Steve Smith explains bold ploy for India after criticism from Michael Clarke

Lessons learned from the last tour of India have been crucial for Australia's preparation, Steve Smith says.

Steve Smith is pictured on the left, and a shot of Australian cricket teammates Usman Khawaja, Travis Head, Marnus Labuschagne and Nathan Lyon is seen right.
Australian batsman Steve Smith says the team has made a good choice to forgo tour matches in India ahead of their upcoming Test series. Pictures: Getty Images

Australia have opted to forego any tour matches in India prior to their upcoming Test series in the subcontinent in February, believing extra time on Indian pitches will provide them with a negligible advantage. Basing their judgement on the kind of pitches prepared for their last tour of India in 2017, former captain Steve Smith said the tour matches had been largely 'irrelevant' due to their incredibly green tops.

Fresh from a successful Test summer at home, the Australian team has preferred to try and replicate Indian pitches at home. Also switching to the Indian SG balls in preparations, the squad trained on a specially made pitch which had been scarified and significantly cracked and scuffed in an attempt to recreate conditions the team will likely encounter in India.

'WHAT A JOKE': David Warner in awards controversy as Adam Zampa snubbed

AWKWARD: Pat Cummins roasted over embarrassing awards gaffe

The Aussies have not won a Test series in India since the summer of 2004/05, which netted a 2-1 victory for the tourists. India have won the last three Border-Gavaskar trophies, having retained the trophy when the series was last contested on Australian soil in 2020.

The team departed for India on Tuesday. Smith told reporters at the airport that the team had decided it would be better to prepare on their own terms, rather than be subject to the whims of pitch curators in India.

“We normally have two tour games over in England. This time we don’t have a tour game in India,” Smith said. “The last time we went I‘m pretty sure we got served up a green-top (to practice on) and it was sort of irrelevant.

“Hopefully we get really good training facilities where the ball is likely to do what it’s likely to do out in the middle, and we can get our practice in. We‘ll wait and see when we hit the ground. I think we’ve made the right decision to not play a tour match.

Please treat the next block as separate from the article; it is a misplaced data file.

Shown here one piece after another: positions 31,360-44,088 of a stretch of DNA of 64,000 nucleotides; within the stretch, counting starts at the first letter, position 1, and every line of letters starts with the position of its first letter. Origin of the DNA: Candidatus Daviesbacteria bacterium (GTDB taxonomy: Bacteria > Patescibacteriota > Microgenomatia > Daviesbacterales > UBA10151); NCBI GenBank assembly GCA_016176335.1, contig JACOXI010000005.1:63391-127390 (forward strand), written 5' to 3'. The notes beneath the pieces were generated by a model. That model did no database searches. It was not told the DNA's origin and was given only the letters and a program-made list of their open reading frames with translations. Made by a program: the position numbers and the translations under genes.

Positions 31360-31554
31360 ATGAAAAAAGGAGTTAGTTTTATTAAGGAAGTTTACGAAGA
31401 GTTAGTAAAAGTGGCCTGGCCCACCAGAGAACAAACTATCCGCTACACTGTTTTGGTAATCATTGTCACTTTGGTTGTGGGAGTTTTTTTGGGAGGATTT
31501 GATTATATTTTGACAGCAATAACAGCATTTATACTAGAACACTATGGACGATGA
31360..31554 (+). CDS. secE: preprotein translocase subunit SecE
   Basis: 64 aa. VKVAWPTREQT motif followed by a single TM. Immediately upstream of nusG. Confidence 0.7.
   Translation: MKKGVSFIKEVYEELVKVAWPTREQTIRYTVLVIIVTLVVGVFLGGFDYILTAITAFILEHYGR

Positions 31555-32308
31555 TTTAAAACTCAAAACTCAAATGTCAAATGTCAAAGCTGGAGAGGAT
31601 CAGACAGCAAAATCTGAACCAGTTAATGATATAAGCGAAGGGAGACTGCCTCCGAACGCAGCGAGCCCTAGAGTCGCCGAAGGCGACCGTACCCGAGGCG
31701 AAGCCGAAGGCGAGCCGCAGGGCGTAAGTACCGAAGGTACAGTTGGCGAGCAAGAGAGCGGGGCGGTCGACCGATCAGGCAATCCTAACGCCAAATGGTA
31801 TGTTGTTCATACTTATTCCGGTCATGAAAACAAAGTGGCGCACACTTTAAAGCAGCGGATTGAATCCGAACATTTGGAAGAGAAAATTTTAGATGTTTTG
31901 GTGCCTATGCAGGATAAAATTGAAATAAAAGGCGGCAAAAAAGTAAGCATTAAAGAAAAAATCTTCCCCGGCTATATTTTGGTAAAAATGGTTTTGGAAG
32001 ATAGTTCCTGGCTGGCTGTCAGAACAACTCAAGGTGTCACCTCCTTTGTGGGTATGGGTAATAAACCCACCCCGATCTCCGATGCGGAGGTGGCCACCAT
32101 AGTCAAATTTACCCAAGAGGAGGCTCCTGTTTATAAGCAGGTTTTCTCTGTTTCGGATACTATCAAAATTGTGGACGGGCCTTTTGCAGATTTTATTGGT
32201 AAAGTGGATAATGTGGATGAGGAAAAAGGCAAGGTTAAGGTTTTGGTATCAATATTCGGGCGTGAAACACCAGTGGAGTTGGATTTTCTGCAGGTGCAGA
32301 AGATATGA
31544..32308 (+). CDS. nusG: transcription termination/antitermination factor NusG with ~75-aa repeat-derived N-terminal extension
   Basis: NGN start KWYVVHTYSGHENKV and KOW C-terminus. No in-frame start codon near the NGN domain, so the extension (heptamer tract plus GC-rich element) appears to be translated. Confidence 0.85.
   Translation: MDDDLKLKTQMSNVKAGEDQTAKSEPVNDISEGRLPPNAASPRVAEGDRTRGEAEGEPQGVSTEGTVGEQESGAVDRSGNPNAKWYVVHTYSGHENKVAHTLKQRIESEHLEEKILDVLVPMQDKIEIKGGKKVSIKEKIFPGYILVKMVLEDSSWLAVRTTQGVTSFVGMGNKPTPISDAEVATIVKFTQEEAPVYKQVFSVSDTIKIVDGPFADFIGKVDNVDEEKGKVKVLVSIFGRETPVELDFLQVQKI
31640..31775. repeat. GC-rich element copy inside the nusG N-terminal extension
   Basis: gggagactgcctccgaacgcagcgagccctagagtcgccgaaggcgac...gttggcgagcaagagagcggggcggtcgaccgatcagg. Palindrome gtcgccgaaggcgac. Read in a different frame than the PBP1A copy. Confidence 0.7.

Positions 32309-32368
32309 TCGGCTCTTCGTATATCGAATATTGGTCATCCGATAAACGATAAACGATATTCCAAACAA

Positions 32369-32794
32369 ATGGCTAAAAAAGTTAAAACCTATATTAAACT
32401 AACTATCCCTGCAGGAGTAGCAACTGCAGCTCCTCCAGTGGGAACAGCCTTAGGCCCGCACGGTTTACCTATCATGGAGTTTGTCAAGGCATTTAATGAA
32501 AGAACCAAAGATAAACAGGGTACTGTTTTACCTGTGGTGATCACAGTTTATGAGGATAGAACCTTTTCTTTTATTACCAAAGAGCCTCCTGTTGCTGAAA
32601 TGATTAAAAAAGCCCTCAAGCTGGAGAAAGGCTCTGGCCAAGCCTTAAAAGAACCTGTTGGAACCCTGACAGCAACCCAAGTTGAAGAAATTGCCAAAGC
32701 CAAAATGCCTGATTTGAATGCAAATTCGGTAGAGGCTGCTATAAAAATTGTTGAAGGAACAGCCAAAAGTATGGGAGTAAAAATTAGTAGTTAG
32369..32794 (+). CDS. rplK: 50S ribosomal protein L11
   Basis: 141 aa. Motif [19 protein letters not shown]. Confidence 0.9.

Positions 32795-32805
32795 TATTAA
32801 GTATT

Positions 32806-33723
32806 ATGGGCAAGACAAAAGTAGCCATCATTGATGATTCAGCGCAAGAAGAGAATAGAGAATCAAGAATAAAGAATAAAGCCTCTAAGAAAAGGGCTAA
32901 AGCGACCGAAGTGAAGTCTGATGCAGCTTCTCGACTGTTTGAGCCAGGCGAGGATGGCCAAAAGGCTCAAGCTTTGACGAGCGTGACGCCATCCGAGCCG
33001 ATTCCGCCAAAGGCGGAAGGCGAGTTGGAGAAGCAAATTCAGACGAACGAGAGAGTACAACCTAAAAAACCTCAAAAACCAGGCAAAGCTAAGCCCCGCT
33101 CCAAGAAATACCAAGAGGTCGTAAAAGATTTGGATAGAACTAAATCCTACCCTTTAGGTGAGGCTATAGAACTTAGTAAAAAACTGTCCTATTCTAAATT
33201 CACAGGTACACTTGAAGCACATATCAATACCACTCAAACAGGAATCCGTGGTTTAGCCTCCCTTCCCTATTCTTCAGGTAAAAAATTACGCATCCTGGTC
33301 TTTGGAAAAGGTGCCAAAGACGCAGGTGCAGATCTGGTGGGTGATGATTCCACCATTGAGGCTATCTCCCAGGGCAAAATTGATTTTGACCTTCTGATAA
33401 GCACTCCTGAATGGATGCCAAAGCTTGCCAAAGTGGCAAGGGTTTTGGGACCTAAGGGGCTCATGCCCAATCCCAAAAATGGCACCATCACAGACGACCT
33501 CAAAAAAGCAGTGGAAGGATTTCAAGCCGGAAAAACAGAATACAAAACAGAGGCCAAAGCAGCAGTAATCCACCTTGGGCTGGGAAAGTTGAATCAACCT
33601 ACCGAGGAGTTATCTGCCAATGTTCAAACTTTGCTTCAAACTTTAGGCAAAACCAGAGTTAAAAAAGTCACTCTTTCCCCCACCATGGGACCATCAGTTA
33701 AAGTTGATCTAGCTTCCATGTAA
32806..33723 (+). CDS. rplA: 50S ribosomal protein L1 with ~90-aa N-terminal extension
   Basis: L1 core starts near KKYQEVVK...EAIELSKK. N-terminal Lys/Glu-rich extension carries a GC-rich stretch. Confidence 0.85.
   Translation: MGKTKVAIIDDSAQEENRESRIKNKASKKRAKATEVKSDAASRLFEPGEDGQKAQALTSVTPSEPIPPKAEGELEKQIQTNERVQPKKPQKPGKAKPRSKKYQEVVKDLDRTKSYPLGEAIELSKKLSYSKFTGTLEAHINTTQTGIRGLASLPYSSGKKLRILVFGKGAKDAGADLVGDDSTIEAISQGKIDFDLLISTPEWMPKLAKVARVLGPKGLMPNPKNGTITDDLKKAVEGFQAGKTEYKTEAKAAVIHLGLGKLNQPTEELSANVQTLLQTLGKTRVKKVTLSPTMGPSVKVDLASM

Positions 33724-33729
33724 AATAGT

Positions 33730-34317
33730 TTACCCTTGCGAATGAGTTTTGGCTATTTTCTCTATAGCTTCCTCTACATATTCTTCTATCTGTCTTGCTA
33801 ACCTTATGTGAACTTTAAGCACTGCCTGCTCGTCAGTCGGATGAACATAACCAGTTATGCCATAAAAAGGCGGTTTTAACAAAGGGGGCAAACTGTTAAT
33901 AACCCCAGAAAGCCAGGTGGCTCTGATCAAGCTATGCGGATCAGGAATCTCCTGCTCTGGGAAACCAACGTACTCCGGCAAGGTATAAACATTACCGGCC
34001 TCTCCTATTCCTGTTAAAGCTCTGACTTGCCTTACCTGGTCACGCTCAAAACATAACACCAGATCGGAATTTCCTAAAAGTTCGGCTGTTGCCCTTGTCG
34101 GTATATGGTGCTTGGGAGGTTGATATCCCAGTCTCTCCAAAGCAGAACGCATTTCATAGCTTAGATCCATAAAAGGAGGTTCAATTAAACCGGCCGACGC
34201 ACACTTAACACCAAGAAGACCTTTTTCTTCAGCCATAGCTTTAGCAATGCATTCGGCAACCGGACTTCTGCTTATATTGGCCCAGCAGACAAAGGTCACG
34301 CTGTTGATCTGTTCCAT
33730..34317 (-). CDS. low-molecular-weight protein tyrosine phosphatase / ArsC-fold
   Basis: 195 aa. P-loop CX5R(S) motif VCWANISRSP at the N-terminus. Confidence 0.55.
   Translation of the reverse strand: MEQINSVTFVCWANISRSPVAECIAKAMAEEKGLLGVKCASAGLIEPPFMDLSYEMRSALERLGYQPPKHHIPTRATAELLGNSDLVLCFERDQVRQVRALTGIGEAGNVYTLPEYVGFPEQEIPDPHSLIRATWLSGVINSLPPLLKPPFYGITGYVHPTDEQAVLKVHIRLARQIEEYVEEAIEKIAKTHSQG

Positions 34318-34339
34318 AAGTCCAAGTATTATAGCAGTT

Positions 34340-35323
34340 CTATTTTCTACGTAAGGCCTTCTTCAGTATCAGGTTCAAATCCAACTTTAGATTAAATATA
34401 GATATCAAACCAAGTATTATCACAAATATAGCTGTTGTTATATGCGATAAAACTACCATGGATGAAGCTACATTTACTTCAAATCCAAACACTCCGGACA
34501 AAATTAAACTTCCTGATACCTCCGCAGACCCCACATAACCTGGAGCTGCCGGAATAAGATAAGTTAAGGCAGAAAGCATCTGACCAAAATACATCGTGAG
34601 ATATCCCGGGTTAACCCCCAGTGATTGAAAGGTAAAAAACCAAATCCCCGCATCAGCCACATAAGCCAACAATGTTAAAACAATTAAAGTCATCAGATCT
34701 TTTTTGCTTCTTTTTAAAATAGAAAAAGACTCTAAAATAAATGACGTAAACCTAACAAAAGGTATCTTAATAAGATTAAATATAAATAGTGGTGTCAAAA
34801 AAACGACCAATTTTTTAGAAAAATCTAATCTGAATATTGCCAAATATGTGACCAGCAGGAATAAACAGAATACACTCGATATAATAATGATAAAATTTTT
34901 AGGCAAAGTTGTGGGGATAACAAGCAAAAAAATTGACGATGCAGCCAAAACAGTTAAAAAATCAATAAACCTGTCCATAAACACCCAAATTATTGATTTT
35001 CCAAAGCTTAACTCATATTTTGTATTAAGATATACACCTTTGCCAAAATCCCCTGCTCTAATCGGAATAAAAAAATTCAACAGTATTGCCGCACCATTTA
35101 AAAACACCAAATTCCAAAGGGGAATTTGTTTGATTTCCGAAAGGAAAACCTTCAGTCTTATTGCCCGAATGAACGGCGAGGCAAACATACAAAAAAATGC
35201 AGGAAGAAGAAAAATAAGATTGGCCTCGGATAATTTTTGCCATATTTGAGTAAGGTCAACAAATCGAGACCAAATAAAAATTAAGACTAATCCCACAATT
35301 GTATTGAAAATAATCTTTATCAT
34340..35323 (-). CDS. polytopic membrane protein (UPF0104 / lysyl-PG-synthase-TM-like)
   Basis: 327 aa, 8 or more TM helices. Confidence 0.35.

“Like I said, last time they dished up a green-top for us and we barely faced any spin, so it‘s kind of irrelevant. We‘re better off having our own nets and getting spinners in and bowling as much as they can.”

Steve Smith, pictured here after winning the Allan Border Medal for a fourth time at the Australian Cricket Awards.
Steve Smith won the Allan Border Medal for a fourth time at the Australian Cricket Awards. (Photo by Brendon Thorne/Getty Images) (Brendon Thorne via Getty Images)

Michael Clarke slams 'ridiculous' decision

Former Aussie captain Michael Clarke had previously slammed the decision to forego a practice match as 'ridiculous'. He said on Sky Sports radio: “The no tour game before the first Test in India. I hope I’m proven wrong but I think that is going to be significant.

"Batting in those conditions in one-day cricket and T20 cricket is one thing, batting in Indian conditions in Test cricket it is a completely different game. You need a completely different plan to what you have playing in Australia, the way you start your innings against spin bowling, the way you play reverse swing, through the Australian summer we didn’t see any reverse swing, the games were over in two, three days.

“So reverse swing is going to play a big part (in India), all these batters that walk out and play bowlers bowling 130-140 km/h – there’s every chance India is going to play at least two spinners, so it’s a completely different game.

Michael Clarke, pictured here before a game at the T20 World Cup.
Michael Clarke watches on before a game at the T20 World Cup. (Photo by Mark Kolbe/Getty Images) (Mark Kolbe via Getty Images)

“You need to bat in the best possible conditions (in India) because after that, if you haven’t grown up playing in those conditions, man it’s extremely difficult to start your innings.

“And if you get in you need to go on and make a big score because your first 20 runs in India in second innings, whoa, a ball that you go forward to and block in Australia easily against spin, over there can roll along the ground, can bounce and take your glove. You can go to block it outside off and it bowls you leg stump, natural variation over there is massive.”

Australia coach Andrew McDonald explained: “No tour game is something we’ve done in the last few series, before embarking on overseas tours. We feel as though we don’t need that match practice as such.

"We’re going to go to India about a week out from the first game. We didn’t want to press for too much longer, in terms of the preparation. We feel as though seven days is ample time to get ready and to make sure we maintain freshness throughout the whole four Test match series."

With AAP

Click here to sign up to our newsletter for all the latest and breaking stories from Australia and around the world.